To fulfill his contract, he began working in a government office responsible for the production of the country’s National Accounts (GDP) and Balance of Payments figures, which had suddenly become classified as “Top Secret” as they incorporated much of the detail of Rhodesia’s sanctions busting efforts. Thus the politics of the time became inextricably linked to his career in Economics, in a way that was to continue throughout his working life. In terms of the prevailing racial conflict, both in Rhodesia and later, S. Africa, Jim`s career was shaped by countries caught up in what could be regarded, in essence, as civil war.
Meanwhile, I had finished my schooling in N. Rhodesia, completed a B.A. degree in English and History at a South African University, and had also emigrated south to Rhodesia to teach English to High School boys.
Finally, we met. Jim – at the advanced age of 27, was a man of decisive action; we were married within 7 months.
As the military conflict grew in intensity and scale, Jim`s army commitments escalated to a point where 6-week call-ups alternated with six weeks at a theoretically full-time job. We battled with the political circumstances we found ourselves thoroughly caught up in, where we shared a growing concern about the morality of the course chosen by the Ian Smith government and the majority of the voting population, in itself a small proportion of the total population. The initially promised progression to a fuller democracy seemed to be fading away. In 1976, driven by our troubled consciences (not the military commitments in themselves) we considered emigration to Australia on skills visas.
However, I felt moving so far away would be tantamount to abandoning my parents. My father`s retirement farming venture in Rhodesia had failed financially: aged 73 and very vulnerable on his isolated farm, he had already singlehandedly repulsed a ‘terrorist’ attack, fending off thousands of rounds of small arms fire and grenades. Despite the fact that S Africa`s ‘apartheid’ policies were even more reprehensible to us, South Africa became our compromise option. Jim was headhunted, and in 1977 he began working for the Anglo American Corporation.
Anglo – at the time the largest mining conglomerate in the world – had as its chairman Mr. Harry Oppenheimer, who very actively supported and funded the anti-apartheid opposition in parliament, actually serving as an MP at times. Given Jim`s training as an economist, his employers provided him with various opportunities to engage in the wider debate on the ultimate futility of successfully running an economy dominated by the scourge of apartheid.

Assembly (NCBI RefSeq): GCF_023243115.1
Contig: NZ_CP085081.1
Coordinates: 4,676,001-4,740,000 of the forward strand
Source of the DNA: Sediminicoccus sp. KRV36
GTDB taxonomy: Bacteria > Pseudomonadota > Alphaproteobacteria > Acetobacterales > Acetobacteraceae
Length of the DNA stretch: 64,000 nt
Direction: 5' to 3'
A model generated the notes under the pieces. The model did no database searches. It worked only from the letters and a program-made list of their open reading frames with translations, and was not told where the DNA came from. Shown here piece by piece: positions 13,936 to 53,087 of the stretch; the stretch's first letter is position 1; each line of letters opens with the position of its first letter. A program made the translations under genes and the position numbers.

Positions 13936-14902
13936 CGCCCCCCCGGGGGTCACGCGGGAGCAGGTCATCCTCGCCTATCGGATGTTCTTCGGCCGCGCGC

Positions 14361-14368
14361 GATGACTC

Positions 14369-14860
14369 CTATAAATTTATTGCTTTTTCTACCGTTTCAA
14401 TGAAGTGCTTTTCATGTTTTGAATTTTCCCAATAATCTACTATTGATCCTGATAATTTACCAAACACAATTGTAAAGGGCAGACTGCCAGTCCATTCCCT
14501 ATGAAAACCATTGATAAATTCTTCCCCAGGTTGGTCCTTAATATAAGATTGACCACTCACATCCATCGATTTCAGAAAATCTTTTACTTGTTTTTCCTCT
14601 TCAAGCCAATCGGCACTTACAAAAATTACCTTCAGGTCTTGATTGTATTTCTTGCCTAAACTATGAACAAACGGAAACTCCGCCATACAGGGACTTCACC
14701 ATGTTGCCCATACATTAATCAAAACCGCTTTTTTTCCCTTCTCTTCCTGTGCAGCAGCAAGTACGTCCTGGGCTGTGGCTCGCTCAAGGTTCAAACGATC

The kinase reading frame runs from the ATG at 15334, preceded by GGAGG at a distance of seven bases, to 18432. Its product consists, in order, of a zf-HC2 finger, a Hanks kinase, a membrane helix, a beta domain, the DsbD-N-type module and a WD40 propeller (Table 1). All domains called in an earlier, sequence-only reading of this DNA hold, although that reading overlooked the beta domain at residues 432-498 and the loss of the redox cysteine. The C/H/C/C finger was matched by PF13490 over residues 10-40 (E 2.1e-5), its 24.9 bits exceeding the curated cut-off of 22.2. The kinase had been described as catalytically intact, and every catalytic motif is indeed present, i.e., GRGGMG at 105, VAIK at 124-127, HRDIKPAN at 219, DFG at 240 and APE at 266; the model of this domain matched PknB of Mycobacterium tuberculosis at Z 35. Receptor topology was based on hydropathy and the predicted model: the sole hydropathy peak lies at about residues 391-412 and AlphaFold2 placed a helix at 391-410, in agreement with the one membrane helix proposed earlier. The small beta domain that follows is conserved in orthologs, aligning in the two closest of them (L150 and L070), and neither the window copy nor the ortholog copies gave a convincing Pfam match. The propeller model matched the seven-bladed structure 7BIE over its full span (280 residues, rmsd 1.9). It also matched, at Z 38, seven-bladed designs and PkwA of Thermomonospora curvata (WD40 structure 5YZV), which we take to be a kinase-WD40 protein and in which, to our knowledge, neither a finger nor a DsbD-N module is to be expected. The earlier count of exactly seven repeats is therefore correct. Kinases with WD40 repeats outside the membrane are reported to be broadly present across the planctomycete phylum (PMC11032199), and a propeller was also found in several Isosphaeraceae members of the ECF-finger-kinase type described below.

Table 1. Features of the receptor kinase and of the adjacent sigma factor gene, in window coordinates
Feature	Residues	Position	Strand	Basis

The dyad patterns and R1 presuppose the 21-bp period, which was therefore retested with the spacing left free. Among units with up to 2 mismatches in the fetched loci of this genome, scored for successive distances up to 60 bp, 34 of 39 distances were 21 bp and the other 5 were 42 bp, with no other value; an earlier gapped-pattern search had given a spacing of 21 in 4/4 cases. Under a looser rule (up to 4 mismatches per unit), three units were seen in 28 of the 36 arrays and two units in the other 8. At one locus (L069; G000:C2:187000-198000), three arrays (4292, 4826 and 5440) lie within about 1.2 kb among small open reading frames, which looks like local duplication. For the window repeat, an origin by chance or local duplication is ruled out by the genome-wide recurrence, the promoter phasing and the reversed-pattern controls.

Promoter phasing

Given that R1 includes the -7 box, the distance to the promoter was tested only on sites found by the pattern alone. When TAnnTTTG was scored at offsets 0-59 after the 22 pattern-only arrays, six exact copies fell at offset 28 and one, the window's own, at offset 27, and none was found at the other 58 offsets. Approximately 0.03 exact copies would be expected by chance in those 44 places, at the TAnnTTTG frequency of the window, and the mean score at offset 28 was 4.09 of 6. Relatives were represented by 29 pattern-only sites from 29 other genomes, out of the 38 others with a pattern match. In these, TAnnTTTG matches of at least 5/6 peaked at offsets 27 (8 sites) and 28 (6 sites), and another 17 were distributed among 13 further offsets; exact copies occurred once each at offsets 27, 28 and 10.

By the mid-1980’s he became a member of a team tasked with developing future scenarios for the global and South African economies. These were developed initially to assist corporate decision-making, but they led to a major initiative in the wider South Africa.
The South African scenarios developed by the team, within the context of international scenarios, argued essentially that South Africa was doomed to a deeply politically and economically troubled Low Road future in the absence genuine negotiation leading to an acceptable dispensation with true leaders of the country’s majority. Only such an approach offered a High Road alternative, with advantages for all the people of the country. Anglo’s executive were impressed by the persuasiveness of the scenario work, and decided that the country would benefit from public dissemination.
The leader of the scenario team produced a book detailing the findings, and was rapidly engulfed in public presentations to the point of a collapse of his health. The Anglo executive instructed Jim and a third colleague to assist with country-wide presentations in the face of extraordinary demand from all quarters, from the extreme left to the far right in political terms. Between them literally hundreds of talks were given. The new experience of hearing well-considered and argued “futures” for South Africa which were not party-political in nature, but which urged recognition of a viable and better future path, struck a remarkable response from the wider public. The leader of the team even made presentations to the then National Party cabinet, and to the ANC leadership still in detention.
Some years later, Jim found himself caught up in another exercise in “political economy”. Mr. Nelson Mandela had been released from prison, and intensive negotiations were underway between the South African government and the African National Congress (ANC) aimed at finding an acceptable path forward to a new democratic dispensation for the country. Sadly, this was unfolding in the context of widespread violence and loss of life, and enormous uncertainties about the country’s future prospects for peace were compounded by the ANC’s highly publicized economic policies which promised a statist approach including the nationalization of the “pillars of the economy” including the mines and the banks.